In a country which has only recently started making renewed headway against patriarchal traditions, 23-year-old Hamdi Mohamed Ali is passionate about education for girls and women’s rights.
Hamdi is the chairperson of the Somali Professional Girls Union – or, as it is known locally, the ‘Ururka Gabdhaha Aqoonyahannada Soomaaliyeed’ (UGASO) – which brings together young, progressive female professionals, whose objective is to improve the status of women in Somalia.
“Most of the girls do not get a chance to get an education and most of those who get the chance to study end up sitting home without utilizing or developing themselves and the community,” observes Hamdi. “Educating women is the only thing that can prevent family breakdown and early marriage in our community.”
According to UN Women, the world body’s agency dedicated to gender equality and the empowerment of women, Somali women bear an unequal brunt of the hardships occasioned by poverty, conflict and a clan-based culture which promotes strict male hierarchy and authority.
This is further exacerbated by religious and cultural limitations on the role and status of women in Somali society, helping lead to deeply-rooted gender inequality.
To ensure her message reaches a large percentage of the population, Hamdi and her colleagues have been regular guests on local television and radio stations, discussing the issues and educating viewers and listeners on gender topics.
“The feedback we receive today is that a lot of girls are beginning to understand that education is prestigious and also developmental,” says the alumna of Salaam University, a private educational institution in the capital, Mogadishu, where she studied medical laboratory science.
“The radio and television programmes have enabled us to achieve our objectives,” she adds. “So many girls who were previously staying home have transformed. They now work or go to school – they are small steps, but the future is positive.”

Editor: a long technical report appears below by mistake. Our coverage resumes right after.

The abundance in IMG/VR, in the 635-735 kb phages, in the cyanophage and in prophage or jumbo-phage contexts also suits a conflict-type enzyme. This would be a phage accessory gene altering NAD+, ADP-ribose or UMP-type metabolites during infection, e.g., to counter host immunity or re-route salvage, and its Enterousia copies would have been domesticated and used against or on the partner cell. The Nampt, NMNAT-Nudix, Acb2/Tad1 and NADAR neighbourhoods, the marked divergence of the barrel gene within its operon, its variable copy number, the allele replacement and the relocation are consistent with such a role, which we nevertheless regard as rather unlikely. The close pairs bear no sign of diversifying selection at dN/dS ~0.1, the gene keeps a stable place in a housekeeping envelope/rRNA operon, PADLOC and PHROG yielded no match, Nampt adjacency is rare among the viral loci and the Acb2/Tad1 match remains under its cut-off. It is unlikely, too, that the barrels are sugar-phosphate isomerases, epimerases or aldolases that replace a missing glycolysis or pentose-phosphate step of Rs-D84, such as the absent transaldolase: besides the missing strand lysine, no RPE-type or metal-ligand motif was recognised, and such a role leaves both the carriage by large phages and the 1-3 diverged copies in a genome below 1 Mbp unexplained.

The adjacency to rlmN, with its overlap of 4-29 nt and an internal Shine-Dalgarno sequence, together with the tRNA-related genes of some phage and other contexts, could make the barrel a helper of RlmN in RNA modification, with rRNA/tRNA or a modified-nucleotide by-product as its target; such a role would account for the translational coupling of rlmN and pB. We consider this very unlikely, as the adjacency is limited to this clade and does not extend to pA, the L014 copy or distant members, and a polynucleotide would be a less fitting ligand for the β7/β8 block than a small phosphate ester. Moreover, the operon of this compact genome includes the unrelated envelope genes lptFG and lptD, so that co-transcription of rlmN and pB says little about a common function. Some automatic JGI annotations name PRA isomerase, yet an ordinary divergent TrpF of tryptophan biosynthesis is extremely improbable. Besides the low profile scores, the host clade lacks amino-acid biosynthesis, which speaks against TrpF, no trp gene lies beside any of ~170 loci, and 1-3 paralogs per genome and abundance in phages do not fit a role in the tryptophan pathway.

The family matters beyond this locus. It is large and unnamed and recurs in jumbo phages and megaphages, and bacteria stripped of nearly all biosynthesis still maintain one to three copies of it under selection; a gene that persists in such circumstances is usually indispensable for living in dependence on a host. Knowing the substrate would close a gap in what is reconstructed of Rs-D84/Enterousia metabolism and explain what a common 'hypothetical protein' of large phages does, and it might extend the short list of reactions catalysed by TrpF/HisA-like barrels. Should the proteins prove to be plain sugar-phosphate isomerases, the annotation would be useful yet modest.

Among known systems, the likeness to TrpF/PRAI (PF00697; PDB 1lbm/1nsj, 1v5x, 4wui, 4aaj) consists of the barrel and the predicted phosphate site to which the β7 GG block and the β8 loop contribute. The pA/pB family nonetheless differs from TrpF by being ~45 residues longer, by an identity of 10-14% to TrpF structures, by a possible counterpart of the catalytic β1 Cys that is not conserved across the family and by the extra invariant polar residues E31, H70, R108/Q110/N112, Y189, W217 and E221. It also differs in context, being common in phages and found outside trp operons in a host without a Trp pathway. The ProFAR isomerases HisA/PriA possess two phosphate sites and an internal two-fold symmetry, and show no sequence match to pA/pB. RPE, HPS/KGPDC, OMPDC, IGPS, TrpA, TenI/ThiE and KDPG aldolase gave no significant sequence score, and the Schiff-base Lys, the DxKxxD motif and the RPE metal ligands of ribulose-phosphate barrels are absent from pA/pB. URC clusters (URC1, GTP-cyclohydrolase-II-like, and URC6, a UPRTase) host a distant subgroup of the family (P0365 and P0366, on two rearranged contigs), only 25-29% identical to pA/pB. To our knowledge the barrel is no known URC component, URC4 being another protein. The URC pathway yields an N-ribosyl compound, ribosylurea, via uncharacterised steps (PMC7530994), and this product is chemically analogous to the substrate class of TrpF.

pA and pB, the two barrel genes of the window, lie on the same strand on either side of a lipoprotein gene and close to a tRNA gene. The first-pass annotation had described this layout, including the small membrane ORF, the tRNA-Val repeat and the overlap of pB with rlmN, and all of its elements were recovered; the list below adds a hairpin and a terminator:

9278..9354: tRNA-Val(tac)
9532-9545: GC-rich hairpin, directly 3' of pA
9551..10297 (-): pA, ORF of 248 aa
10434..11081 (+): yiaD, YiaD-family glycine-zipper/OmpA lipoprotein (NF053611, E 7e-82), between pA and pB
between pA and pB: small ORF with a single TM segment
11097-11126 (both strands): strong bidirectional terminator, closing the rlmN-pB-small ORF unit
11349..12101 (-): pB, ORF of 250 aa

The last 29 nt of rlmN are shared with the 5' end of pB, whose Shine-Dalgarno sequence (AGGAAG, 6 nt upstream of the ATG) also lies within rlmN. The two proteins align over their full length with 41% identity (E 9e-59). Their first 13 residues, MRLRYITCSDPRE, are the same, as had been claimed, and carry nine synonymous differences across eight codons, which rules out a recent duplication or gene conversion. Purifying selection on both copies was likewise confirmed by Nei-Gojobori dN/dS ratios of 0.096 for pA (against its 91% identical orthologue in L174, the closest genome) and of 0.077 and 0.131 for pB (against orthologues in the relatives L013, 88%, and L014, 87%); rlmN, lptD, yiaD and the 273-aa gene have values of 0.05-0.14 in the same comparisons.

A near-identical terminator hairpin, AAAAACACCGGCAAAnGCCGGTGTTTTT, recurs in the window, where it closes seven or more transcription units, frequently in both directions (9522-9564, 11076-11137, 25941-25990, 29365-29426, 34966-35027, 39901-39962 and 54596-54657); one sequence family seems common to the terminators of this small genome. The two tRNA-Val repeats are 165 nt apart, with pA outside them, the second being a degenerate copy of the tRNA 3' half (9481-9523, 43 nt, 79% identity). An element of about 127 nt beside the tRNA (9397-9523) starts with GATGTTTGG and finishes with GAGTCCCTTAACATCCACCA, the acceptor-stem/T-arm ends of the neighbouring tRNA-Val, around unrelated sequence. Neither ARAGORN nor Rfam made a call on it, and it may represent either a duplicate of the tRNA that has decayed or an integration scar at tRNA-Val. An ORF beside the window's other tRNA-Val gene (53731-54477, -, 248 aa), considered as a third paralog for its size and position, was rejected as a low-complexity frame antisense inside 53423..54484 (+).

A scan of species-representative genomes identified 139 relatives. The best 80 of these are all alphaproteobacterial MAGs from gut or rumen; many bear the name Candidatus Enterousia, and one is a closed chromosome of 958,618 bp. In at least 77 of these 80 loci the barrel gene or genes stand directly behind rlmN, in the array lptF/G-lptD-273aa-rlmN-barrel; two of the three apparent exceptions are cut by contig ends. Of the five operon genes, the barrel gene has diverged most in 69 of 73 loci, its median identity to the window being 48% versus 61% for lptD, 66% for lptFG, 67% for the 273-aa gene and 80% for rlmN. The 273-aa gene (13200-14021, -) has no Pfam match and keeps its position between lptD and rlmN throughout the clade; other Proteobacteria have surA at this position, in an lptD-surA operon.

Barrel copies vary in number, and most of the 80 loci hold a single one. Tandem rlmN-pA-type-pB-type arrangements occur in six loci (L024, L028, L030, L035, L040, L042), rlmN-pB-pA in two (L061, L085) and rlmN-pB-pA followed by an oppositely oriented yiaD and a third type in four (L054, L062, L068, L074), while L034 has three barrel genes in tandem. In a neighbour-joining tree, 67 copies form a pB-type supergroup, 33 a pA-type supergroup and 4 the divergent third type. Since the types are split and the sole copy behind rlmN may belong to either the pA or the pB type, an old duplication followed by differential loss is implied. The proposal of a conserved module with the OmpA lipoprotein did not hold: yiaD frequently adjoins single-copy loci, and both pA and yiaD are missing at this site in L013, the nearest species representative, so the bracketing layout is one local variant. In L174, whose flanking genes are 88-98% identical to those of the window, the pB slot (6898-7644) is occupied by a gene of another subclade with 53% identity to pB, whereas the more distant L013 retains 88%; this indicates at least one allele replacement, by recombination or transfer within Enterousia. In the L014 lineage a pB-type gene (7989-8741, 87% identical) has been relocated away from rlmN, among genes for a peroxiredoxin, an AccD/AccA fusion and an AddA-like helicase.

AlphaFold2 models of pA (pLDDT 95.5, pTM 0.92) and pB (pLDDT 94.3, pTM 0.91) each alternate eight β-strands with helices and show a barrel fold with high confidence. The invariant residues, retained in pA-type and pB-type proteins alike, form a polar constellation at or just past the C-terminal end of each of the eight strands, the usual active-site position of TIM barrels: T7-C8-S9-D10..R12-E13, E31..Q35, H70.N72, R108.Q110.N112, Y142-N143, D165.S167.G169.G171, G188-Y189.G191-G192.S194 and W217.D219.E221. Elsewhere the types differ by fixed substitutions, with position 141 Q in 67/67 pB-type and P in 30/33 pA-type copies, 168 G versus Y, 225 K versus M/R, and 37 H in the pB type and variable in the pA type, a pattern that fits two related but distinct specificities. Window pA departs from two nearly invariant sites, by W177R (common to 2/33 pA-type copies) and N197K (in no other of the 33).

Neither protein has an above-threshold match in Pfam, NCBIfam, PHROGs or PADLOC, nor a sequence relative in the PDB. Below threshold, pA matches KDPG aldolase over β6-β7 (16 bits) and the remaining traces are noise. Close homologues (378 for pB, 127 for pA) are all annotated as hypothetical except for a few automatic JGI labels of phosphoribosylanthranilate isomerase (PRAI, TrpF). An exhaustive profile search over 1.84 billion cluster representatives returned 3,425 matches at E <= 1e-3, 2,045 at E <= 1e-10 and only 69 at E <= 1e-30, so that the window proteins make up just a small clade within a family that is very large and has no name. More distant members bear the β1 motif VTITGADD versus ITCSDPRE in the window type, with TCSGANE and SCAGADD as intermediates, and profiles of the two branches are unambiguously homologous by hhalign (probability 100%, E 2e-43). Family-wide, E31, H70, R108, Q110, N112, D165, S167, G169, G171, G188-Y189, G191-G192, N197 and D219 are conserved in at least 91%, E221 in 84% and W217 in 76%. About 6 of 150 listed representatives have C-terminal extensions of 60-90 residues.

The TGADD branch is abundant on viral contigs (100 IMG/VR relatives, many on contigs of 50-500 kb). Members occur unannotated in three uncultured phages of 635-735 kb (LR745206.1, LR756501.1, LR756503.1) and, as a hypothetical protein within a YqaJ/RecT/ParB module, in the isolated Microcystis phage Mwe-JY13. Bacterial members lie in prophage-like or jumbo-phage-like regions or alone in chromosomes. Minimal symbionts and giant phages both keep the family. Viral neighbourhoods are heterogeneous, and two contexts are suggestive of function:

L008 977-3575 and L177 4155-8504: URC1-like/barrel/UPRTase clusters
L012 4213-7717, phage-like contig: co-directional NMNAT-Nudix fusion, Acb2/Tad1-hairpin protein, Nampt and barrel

Apart from the media programmes, Hamdi and other UGASO members organize seminars and conferences on a wide range of topics such as politics and health to broaden women and girl’s knowledge, and to provide them with an opportunity to network.
“We also organize education classes for internally displaced persons (IDPs) and help them financially when we can,” explains Hamdi, referring to the more than two million IDPs within the country’s borders, most of them stemming from the impact of a severe drought and conflict with Al Shabaab extremists.
However, it has not been easy for Hamdi, especially in a country that has suffered decades of war and still lags behind on women’s rights and their access to education. She cites early marriage, illiteracy and illegal emigration as the top challenges affecting young women in the east African country – and she has seen these issues up close.
Hamdi recalls that one of her close friends dropped out of college in the hope of emigrating to Europe, but things did not turn out as she had planned. Months later, her friend, who went to Kenya to prepare for the long journey, is still stuck in the capital city, Nairobi, without hope and frustrated.
“Most of the cases of emigration are due to illiteracy and unemployment among the youth. If only there were jobs, so many youths would not be making the treacherous journey to Europe,” she says.
But there are signs of hope, Hamdi notes. Despite the many obstacles, she observes that Somali youth are finally becoming conscious of their potential and are mobilizing themselves to help their homeland overcome some of the challenges it faces.
“Government cannot work without youth because we are the backbone of society,” she says. “Our participation is crucial since we can also play a big role in building the nation.”